In addition to the above 25, if you have any more suggestions, please share it with me, and also the readers of India Today.

Tuesday, April 10, 2007


Kalidasa is regarded as kavikulaguru (=the preceptor of the clan of kavi-s). Almost as famous as Kalidasa in the literary circles, is Mallinatha, who has written commentaries regarded very highly by scholars, upon Kalidasa's works.

There is this little-known story (which is, in all probabilities, a legend, ದಂತಕಥೆ) about Mallinatha that I would like to share. I concluded that it was little known, because I could not find references to that story on the internet. I had read it long back, in a Kannada book for children.

Mallinatha was a pampered youth from a rich family. He was made to learn under capable teachers, but he was too lazy to be competent at learning, and abandoned his studies soon. He grew into a handsome youth and since he was from a rich family also, he was in high demand as a son-in-law. He was finally married to a very learned woman.

Mallinatha's wife noticed soon that her husband was too un-knowledgeable for her liking. When one day, Mallinatha praised the beauty of a flower lying on the road-side, she remarked "Of what use is its beauty? Since it does not possess fragrance, it cannot be used for worship". These words stung Mallinatha, and he resolved to restart his learning.

He enrolled himself in a gurukula, and began his studies. For a married youth who had passed his life thitherto in nothing but luxury, life in a gurukula was really hard, but he did not mind that. His guru had instructed his wife, the gurupatni, that mallinatha had to get neem oil instead of ghee, with his meals. Mallinatha was so engrossed with his studies, that he did not notice that he was being served neem oil daily. Because of his assiduous efforts, he made progress in his studies by leaps and bounds.

One day, while he was having his meals with his guru, he noticed that there was something wrong with his food. He said to the gurupatni "Mother, the food is bitter today!". The guru who was sitting next to him, smiled and patted his back, and said "Your education is complete today. You may go home now". He then explained to the puzzled Mallinatha that all during his stay at the gurukula, he was being served neem oil and that he had not noticed it at all, till then.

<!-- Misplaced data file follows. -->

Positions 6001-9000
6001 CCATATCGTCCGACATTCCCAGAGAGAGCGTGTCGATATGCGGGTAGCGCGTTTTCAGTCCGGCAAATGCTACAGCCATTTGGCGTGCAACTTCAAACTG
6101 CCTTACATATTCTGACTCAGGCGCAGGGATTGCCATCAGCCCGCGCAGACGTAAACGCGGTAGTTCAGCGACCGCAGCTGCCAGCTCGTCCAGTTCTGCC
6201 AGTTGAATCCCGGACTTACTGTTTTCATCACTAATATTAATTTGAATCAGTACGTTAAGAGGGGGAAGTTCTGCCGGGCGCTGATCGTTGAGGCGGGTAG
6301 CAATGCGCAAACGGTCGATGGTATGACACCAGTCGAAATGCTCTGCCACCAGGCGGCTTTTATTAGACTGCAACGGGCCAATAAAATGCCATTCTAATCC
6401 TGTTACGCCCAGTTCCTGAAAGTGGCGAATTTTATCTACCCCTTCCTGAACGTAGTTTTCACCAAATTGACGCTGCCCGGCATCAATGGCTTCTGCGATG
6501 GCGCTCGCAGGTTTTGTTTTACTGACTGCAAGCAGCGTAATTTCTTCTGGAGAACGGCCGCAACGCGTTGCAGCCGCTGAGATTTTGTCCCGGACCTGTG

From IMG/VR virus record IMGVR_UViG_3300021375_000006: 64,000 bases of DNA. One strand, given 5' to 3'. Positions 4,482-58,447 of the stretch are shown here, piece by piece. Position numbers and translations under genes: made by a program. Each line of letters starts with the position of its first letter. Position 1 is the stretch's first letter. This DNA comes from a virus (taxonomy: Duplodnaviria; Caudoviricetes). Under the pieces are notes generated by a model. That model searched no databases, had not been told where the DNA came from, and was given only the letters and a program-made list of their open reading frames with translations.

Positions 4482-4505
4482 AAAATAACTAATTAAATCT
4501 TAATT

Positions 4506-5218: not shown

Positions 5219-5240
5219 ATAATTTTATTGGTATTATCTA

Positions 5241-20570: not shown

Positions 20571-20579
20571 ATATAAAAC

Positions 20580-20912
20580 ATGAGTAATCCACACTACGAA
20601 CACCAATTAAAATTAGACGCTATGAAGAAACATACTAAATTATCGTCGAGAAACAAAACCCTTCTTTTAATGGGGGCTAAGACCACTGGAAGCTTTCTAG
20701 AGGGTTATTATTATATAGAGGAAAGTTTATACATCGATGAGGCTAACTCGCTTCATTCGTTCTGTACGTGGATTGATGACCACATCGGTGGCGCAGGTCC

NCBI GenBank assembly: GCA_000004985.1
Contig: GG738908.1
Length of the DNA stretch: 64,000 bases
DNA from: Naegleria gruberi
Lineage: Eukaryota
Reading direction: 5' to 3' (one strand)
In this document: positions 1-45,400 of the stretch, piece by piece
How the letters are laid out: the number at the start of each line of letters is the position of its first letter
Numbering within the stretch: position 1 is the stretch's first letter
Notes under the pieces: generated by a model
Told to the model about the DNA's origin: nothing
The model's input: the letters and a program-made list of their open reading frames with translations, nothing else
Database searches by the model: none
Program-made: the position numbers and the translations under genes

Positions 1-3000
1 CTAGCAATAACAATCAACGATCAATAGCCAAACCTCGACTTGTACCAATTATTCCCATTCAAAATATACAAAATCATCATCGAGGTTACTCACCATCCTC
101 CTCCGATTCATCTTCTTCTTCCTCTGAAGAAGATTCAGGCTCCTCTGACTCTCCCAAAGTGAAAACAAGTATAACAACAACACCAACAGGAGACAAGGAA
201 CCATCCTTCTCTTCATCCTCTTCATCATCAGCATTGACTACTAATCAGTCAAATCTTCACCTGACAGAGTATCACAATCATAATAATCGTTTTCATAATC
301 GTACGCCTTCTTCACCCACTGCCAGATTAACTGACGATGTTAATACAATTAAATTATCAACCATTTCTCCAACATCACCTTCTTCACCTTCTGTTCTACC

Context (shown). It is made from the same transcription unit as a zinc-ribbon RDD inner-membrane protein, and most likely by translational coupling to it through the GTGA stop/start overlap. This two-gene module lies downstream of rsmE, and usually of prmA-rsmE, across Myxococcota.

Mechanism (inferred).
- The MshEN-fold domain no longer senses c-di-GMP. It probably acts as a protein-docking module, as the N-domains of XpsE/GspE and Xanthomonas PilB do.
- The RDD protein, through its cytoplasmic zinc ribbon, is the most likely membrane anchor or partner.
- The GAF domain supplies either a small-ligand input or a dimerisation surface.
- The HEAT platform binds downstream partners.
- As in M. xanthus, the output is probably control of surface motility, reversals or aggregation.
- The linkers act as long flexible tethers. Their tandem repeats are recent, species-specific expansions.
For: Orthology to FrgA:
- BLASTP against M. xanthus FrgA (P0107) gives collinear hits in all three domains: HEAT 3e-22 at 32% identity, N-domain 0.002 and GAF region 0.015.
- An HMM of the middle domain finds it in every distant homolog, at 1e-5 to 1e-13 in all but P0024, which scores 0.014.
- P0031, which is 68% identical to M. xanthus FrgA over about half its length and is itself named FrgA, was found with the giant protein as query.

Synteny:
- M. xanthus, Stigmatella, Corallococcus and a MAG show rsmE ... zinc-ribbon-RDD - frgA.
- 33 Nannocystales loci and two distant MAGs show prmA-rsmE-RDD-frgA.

Mallinatha went back home to the joy of his wife and parents, and wrote the famous commentaries on Kalidasa's works.
The story does not end here. The next part of the story is from Dr.R.Ganesh's "kavitegondu kathe".
Seeing that her husband was now a very learned man, Mallinatha's wife asked him to write a poem about her. After much coercion, mallinAtha wrote a poem, likening her to shoorpanakhaa (रामवैरिभगिनीव राजसे !)
Mallinatha's wife was irritated by this description of her, and was waiting to get back at her husband. Now, in his commentaries, Mallinatha had the habit of writing "ityarthaH" (=this is the meaning), "iti bhAvaH"(=this is the import). He used to be so engrossed with his work, that he used to use these words even during normal conversation. When, one day, Mallinatha asked her what was for lunch, she replied
इत्यर्थ-क्वथितं चैवेतिभाव-तेमनं तथा
सज्जीकृतेद्य भुक्त्यर्थं तुष्यतां भवदाशयः ।
"There is boiled ityartha, majjigehuLi called iti bhAva. Have this lunch and be satisfied!"
Mallinatha was justified in being proud of his wife!

Monday, April 09, 2007